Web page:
We’re also making headway with adding new areas of surveillance. In the Gulf, we’ve installed ADS-B receivers on oil platforms as part of an agreement with Helicopter Association International, oil and natural gas companies and helicopter operators. Now, ADS-B equipped aircraft will receive air traffic services direct to the platform, eliminating the restrictive grid system previously in use. In delivering these services, we’ve opened up about a quarter of a million square miles of new, positively controlled airspace.
NextGen delivers smart new tools that make sense, especially in light of the fact that today’s system won’t hold up against the ops increases that are on the way in the long term. If you’re looking to put the business case into a single sentence: Our latest estimates show that by 2018, NextGen will reduce total flight delays by better than 20 percent. NextGen will provide $22 billion in cumulative benefits to the traveling public, aircraft operators and the FAA.
But modernizing the system won’t produce all of these benefits if we don’t also commit to more sensible scheduling practices. We shouldn’t invest time, energy and dollars for efficiency gains and delay reductions so that a schedule can be packed beyond what the system can handle; that amounts to two steps forward and three steps back. If you have 20 flights scheduled to take off in a single five-minute window, you’ve just created a bow wave of delays that’s likely going to last all morning, maybe all day. That’s not in the traveling public’s best interest.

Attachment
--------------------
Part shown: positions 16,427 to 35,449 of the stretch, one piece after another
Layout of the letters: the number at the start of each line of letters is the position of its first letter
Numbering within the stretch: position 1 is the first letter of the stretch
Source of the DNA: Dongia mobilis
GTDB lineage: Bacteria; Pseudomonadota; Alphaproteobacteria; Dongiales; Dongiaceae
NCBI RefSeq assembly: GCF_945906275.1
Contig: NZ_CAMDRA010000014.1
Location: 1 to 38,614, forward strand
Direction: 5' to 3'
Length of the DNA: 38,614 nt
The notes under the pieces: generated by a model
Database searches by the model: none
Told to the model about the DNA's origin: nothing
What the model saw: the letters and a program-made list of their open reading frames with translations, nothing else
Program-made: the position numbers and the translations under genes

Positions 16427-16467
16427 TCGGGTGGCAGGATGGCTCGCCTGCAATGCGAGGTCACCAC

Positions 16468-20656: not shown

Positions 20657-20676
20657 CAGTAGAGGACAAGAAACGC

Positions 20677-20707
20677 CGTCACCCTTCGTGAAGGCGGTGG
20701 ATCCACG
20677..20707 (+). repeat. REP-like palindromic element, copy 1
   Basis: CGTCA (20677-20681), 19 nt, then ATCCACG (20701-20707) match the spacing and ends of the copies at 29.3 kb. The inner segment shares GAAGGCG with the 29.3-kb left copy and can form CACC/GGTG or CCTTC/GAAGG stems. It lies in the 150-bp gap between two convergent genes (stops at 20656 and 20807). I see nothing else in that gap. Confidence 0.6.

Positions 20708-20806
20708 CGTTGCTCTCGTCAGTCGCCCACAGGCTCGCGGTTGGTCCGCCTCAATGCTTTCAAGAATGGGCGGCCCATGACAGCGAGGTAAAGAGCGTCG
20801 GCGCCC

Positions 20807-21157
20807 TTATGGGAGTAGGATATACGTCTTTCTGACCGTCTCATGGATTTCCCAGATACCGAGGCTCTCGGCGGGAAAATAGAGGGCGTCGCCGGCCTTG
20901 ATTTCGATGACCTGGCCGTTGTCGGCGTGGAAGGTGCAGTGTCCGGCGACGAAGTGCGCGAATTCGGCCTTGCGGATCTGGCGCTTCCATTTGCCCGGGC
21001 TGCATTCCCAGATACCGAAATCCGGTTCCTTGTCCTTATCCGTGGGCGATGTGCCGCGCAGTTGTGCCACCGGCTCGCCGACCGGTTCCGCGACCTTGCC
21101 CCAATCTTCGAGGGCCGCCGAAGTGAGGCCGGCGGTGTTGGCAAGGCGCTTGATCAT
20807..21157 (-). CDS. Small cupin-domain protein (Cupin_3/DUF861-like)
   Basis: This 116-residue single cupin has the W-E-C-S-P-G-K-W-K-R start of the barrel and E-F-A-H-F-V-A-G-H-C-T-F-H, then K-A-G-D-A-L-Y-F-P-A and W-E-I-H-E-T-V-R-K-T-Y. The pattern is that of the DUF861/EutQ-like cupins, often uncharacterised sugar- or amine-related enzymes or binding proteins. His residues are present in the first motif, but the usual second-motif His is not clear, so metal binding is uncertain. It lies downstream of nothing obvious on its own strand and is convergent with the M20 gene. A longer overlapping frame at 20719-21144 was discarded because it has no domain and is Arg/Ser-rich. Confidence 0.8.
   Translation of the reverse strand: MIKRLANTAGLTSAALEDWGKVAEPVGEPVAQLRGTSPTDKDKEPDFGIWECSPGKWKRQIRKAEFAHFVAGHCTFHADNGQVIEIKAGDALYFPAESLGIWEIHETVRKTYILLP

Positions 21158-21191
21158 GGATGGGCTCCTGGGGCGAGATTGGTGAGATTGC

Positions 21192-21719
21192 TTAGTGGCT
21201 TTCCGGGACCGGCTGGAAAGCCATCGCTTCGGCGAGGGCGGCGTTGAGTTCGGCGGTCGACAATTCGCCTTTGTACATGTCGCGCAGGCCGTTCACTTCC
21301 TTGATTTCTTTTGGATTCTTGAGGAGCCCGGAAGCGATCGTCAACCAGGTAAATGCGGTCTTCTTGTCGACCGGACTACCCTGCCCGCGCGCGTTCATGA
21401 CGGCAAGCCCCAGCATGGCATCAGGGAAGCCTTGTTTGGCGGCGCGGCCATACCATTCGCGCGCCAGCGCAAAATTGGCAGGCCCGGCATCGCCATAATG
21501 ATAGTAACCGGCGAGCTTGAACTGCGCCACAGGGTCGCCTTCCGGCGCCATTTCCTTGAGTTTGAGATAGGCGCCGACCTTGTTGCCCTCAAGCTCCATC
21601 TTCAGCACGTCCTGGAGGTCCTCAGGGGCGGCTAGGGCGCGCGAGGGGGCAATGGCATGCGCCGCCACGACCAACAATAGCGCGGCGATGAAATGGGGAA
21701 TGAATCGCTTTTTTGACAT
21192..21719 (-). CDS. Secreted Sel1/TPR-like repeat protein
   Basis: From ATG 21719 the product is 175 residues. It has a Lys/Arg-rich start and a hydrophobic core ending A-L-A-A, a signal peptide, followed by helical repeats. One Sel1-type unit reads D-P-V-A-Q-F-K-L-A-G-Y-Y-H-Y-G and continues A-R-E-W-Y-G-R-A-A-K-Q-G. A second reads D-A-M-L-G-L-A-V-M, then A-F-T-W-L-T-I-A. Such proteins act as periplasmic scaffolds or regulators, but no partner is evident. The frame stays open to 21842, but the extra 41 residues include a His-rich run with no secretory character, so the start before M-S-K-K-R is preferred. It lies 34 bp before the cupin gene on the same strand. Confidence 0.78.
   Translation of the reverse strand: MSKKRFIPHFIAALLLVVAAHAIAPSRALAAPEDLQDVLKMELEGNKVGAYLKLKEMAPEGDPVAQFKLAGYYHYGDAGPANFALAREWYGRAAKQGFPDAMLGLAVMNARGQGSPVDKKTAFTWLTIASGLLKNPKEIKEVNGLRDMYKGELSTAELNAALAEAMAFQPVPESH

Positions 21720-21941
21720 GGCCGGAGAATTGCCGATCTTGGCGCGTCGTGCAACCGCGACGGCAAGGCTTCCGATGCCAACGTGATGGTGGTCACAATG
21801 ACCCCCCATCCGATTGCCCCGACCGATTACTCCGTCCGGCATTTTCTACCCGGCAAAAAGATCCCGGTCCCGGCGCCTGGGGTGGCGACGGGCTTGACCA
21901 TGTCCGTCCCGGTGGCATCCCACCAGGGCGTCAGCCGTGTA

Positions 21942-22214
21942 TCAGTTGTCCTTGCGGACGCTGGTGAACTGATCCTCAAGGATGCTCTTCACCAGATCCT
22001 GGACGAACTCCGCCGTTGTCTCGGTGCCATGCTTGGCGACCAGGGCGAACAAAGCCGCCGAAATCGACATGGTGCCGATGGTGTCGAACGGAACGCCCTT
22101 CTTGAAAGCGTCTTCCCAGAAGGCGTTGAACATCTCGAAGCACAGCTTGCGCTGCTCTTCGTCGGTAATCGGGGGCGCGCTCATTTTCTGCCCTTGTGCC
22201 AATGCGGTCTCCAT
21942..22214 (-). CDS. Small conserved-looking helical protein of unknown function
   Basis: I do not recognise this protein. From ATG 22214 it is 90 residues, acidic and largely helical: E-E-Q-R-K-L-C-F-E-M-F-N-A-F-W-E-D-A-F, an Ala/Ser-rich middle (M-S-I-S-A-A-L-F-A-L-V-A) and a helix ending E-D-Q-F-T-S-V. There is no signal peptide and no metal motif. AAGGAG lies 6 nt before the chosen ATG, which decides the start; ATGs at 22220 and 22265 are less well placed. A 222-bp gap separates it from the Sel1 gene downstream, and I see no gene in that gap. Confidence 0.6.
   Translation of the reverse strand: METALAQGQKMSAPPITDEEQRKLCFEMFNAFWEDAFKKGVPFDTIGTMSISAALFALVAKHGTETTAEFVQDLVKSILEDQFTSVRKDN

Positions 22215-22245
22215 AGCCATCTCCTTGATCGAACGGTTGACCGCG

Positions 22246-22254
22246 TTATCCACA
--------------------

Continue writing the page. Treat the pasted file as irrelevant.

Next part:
When the airport can handle 120 in an hour, and you try to have 80 go in the first 20 minutes, it’s just not going to work. We will have to work better together and the FAA won’t just sit back and be the scapegoat in the future. We truly need additional transparency to the facts behind many of our delays. Too often I hear a Captain announce; “Well, we’re gonna be delayed another 20 minutes until we get a departure slot from the FAA,” when in reality, they’re waiting because their carrier scheduled 26 departures during a five minute window. De-peaking is the answer here. Check the departure boards at our busiest airports, and you’ll see what I’m talking about. This is a cooperative effort, and all the parties involved need to take responsibility and find a sensible path forward.
With all of this as context, I think the flying public recognizes the need for NextGen intuitively. Even if they don’t understand how all the technology fits together, that’s OK. They just want to know that we’re getting them where they need to go safely and efficiently. They understand the concept of NextGen. As the years roll by and the efficiency and the safety of the system continue to ratchet up, and the passengers and our environment accumulate the benefits, we’ll see that NextGen is indeed an idea that’s made to stick.